Six Tips for Generating Better Ideas (Part 2 of 2)
(Part 1 of 2)
4. Transform data to information. Find skilled professionals who know how to move up the cognitive food chain — from data to information, from information to knowledge, from knowledge to wisdom.
Rather than a group steeped in the state’s health care culture, Romney’s health care reform team was composed of private-sector types from his investment banking circle: Tim Murphy, Kelt Kindick and Brian Wheelan from J.P. Morgan, Bain and Co., and Harvard Business School, respectively. They brought a different skill set, a different language and a different perspective to the problem. The new policy group didn’t have much institutional knowledge, but its members were familiar with examining organizational structures and looking at value streams, and they were used to dealing with complicated finances.
“Leaders coming into government from the private sector have to appreciate that one thing government does quite well is to collect data. There’s tons of it,” said Murphy, who would eventually become Romney’s secretary of health and human services. “The key is being able to translate that data into usable information. To do that, you need to have people who are experienced with analytics, people who understand systems and who can offer suggestions around process changes. Those skills tend to come from certain training grounds — management consulting, investment banking, operations managers.”
5. Get ideas from partners. Give the problem to someone else to solve. Let your network of partners, both governmental and non-governmental, help develop new solutions to old problems. The Connect + Develop strategy used by Procter and Gamble, a leading manufacturer of household and health care products, focuses on establishing networks to leverage the innovation assets of others. When a technology entrepreneur in the company discovered that a Japanese firm was selling melamine foam (traditionally used for soundproofing and insulation) as household sponge, P&G purchased the product from an outside manufacturer and marketed it as Mr. Clean Magic Eraser in the United States and Europe.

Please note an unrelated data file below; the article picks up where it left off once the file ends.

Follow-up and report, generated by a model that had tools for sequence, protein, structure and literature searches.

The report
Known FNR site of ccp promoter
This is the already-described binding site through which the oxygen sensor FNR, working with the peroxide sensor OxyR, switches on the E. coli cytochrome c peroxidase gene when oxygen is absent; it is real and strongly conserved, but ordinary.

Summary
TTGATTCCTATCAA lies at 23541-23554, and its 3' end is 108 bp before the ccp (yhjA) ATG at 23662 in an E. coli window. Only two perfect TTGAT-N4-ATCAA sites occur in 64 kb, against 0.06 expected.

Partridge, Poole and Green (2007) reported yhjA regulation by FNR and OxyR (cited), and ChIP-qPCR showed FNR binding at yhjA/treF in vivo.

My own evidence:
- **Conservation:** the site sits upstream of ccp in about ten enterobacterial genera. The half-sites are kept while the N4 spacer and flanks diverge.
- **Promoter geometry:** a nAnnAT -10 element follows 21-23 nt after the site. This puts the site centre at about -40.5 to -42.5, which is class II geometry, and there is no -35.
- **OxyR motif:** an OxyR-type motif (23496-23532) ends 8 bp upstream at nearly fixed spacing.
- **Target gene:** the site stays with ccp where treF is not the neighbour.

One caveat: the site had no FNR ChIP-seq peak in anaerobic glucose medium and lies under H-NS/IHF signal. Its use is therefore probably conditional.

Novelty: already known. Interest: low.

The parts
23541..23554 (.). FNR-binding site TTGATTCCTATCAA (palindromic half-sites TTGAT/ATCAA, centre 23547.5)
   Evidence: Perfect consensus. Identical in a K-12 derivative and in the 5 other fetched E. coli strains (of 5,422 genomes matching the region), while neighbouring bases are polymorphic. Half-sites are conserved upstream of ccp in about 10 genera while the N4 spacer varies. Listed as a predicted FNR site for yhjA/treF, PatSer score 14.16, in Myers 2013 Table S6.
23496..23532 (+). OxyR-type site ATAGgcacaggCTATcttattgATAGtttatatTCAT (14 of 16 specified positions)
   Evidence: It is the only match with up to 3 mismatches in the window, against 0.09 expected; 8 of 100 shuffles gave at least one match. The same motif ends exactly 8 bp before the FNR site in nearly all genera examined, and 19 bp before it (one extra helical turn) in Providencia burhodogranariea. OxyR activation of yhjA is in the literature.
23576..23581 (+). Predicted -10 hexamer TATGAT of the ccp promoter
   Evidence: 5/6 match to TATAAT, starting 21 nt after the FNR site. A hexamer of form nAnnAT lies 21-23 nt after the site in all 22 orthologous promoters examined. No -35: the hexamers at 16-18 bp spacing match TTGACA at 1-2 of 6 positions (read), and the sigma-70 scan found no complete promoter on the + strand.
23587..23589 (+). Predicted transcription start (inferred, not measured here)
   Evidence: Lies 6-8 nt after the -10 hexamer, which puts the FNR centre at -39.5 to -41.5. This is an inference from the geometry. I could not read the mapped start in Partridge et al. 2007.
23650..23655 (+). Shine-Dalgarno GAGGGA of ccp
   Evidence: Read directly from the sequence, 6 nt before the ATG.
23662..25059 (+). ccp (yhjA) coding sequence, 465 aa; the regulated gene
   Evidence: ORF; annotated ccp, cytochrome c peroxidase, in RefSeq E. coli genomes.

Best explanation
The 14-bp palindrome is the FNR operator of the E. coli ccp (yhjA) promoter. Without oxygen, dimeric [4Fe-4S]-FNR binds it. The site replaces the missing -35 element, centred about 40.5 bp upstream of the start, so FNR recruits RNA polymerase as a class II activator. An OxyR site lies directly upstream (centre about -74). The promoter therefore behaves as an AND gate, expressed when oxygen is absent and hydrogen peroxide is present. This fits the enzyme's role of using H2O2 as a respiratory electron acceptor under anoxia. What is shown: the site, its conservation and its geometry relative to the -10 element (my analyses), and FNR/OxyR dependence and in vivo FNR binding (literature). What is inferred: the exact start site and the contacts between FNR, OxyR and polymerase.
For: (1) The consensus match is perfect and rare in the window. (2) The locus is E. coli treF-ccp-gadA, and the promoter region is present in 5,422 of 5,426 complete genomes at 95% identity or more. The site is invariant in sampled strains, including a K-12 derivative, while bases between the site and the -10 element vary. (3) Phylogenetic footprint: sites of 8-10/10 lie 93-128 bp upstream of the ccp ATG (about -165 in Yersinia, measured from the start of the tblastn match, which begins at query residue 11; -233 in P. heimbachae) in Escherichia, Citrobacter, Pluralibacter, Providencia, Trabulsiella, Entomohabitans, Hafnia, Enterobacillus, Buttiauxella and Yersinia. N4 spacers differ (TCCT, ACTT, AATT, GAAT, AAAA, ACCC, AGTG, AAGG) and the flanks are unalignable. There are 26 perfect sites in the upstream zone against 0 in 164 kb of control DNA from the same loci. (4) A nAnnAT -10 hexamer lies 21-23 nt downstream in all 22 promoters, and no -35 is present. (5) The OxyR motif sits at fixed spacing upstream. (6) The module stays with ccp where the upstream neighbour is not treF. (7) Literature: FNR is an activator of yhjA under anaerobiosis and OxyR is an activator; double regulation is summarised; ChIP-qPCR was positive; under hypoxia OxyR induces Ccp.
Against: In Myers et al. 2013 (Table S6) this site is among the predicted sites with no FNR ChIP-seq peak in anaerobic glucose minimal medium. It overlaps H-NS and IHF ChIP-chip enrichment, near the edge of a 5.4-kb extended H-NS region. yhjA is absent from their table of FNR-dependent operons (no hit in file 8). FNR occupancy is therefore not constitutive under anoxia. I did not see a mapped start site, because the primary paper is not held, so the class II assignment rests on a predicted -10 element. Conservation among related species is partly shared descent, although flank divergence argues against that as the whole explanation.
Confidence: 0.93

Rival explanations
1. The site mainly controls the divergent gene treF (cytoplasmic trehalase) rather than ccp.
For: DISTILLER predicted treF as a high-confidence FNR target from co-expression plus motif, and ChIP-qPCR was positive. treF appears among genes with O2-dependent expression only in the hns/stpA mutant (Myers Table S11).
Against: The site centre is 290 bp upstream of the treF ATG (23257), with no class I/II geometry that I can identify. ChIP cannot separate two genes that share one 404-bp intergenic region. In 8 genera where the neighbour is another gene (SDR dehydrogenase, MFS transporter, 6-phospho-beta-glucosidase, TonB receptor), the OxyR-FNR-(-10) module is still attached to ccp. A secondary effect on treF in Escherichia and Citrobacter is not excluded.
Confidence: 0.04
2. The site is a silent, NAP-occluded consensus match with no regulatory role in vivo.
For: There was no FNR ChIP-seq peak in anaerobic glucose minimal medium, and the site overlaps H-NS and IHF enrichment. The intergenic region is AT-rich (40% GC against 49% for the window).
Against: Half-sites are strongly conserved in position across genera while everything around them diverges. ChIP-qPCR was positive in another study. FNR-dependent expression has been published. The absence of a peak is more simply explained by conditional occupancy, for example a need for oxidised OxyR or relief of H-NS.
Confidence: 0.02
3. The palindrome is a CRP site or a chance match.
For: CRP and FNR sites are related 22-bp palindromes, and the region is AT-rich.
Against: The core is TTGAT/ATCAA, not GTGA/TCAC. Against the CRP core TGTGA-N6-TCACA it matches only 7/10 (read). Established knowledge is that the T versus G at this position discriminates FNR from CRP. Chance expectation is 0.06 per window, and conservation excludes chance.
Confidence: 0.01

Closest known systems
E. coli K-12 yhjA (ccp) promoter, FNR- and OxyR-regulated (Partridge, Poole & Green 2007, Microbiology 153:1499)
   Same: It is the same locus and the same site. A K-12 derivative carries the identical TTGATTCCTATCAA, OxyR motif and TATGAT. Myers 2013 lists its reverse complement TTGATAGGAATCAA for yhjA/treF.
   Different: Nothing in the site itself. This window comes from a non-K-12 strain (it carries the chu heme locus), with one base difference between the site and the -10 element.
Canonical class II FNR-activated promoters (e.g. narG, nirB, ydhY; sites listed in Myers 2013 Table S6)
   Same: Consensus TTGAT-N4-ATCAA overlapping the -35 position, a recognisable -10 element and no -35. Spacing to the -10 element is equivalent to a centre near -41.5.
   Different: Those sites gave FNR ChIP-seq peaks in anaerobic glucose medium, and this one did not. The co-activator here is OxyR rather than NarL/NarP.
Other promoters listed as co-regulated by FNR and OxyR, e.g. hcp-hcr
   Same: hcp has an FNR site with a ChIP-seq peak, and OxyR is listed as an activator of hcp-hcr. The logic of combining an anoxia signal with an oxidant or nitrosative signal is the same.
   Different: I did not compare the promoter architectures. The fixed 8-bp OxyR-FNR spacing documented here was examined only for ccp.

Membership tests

P&G developed its elaborate system of scouts, proprietary networks, external networks and suppliers to search for adaptable ideas. The strategy explicitly recognizes that it’s a big world out there. Most solutions already exist — somewhere — and most problems are eminently solvable if you ask the right person.
6. Use mashups. Combine ideas from unrelated fields to create new solutions — free-market environmentalism, for example, to promote acid rain reduction. Another mashup is Virtual Alabama, which merged Google Earth 3-D visualization tools with emergency response data to create a state-of-the-art disaster response system. In our book, we used a mashup approach when we applied the process mapping tools of the manufacturing plant to the world of public policy, which provided valuable insights into the challenges facing government.
Overcoming the Tolstoy syndrome is all about listening. If we think we know the answer, we close off avenues of exploration. We ignore evidence that conflicts with our theories. We don’t invite people with different skill sets to apply their unique combination of knowledge, wisdom and experience to work with us.
Beating the Tolstoy syndrome means breaking across all kinds of boundaries: professional, psychological, organizational. It means economists weighing in on world hunger and management consultants reforming health care. It means letting your customers design your products, letting frontline workers set your policies and letting the private sector help solve public problems. It means the federal government allowing states to experiment, and it means Republicans working with Democrats.
Beating the Tolstoy syndrome requires being open to painful feedback. Doing so can prevent your idea from being tested very publicly in the real world with far more painful results. Thirty-five years later, you can still buy WIN buttons on eBay. Nobody wants that to be their legacy, do they?